“Relax,” Brian Goldman tells us in his recent column. Instead of covering the actual problems with our alcohol policies, he makes a few vague assertions that rest on binge drinking being an “integral aspect” of Hey Day, Spring Fling and Homecoming and a certain enforcement policy failing the “common-sense test.”
The tragedy with poorly informed, poorly substantiated drecks of argumentative-style nonsense like these is that they ignore the real issues with Penn’s alcohol policy. They are not the Penn Alcohol Module or off-campus party enforcement.
They include, rather, the problem that our legitimate Greek life institutions are being wedged by dangerous off-campus drinking and drug abuse societies (otherwise known as “off-campus fraternities and sororities”) that can hold parties for far less than the cost of complying with Penn policies; the problem that the present alcohol policy is more honored in the breach than in the observance; and, yes, I’m going to say it, the problem that people — especially freshmen — who are still learning their limits are being forced through peer pressure to overconsume alcohol and other drugs. Especially pledges, both legitimate and illegitimate.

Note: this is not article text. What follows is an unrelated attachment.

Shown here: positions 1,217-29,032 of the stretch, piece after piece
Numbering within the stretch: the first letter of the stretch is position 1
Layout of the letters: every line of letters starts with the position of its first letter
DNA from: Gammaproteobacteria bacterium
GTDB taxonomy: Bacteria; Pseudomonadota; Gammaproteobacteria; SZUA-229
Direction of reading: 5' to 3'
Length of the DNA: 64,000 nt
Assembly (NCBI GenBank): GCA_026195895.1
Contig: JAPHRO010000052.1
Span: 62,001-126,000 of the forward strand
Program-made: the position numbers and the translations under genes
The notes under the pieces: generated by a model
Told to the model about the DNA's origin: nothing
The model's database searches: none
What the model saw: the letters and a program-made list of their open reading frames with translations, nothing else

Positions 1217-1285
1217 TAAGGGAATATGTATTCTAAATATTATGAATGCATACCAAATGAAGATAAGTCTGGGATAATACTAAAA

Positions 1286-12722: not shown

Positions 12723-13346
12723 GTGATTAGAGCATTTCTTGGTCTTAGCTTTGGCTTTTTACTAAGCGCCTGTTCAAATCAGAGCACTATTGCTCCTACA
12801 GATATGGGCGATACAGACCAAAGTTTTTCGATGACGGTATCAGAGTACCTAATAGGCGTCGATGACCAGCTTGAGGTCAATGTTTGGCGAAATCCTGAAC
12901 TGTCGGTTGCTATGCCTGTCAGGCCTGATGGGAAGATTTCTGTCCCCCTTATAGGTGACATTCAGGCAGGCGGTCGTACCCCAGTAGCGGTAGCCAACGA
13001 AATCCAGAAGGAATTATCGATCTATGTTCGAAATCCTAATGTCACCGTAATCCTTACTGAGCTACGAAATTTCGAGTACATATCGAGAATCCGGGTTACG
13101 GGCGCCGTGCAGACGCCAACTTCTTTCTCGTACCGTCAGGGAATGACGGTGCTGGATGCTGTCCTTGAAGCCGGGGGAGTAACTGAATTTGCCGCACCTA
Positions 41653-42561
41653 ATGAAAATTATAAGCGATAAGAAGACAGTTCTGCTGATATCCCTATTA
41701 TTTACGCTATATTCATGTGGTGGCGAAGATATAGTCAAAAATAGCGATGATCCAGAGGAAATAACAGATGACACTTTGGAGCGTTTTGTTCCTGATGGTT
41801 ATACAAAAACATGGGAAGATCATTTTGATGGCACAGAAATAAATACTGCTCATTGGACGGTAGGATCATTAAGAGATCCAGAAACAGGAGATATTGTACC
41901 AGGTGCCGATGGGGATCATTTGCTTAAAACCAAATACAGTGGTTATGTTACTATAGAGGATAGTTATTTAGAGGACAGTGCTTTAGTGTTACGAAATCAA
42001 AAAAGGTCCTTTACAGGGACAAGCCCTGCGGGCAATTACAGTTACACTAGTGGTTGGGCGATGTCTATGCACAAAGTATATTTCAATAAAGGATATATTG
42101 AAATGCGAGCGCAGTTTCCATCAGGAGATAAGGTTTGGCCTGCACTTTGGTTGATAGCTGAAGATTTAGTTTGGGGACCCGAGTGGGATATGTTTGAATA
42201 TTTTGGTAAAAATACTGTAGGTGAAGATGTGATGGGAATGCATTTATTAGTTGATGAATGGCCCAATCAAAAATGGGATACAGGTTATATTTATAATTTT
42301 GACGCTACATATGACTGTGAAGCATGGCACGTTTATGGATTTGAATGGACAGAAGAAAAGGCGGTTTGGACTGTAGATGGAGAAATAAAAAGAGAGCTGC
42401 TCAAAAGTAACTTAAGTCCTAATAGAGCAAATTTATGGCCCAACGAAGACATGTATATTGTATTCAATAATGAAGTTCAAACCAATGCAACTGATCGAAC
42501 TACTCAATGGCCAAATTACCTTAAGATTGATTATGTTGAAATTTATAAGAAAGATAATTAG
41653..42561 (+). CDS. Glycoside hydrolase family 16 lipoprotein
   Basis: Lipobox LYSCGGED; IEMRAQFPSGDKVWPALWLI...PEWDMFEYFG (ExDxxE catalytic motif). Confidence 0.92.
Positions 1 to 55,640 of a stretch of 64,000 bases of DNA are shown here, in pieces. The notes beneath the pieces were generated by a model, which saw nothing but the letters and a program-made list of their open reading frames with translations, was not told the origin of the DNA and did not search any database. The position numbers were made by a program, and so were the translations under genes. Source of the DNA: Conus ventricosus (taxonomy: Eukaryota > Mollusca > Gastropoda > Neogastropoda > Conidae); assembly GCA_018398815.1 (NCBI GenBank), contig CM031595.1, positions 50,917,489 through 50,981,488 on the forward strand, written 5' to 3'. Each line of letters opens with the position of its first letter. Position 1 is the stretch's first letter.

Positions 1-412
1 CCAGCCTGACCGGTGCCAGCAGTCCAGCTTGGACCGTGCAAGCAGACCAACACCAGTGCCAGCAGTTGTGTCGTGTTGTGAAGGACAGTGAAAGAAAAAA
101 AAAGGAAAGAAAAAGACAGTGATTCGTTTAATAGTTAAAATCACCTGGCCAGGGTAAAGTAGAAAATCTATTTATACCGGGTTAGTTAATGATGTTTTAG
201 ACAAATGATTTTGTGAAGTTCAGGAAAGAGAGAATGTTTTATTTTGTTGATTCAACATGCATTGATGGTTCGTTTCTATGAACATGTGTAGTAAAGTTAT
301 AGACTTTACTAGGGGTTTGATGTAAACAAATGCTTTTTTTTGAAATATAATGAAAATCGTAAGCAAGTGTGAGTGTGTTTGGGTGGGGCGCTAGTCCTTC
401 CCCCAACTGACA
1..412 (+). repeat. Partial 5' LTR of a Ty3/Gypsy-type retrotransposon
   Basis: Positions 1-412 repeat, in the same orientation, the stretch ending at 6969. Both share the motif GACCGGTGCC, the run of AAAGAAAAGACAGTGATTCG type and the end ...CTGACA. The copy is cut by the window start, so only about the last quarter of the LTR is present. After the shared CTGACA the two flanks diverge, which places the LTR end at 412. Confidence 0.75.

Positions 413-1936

Penn is doing its level best to forestall that tragic and, we pray, avoidable day when another student dies of substance abuse. What we need in this debate are fresh ideas that address the real problems, not vague paeans to “drinking is fun.” That it may be, but repeating it helps no one.
2011 College graduate and former chairman of the Undergraduate Assembly
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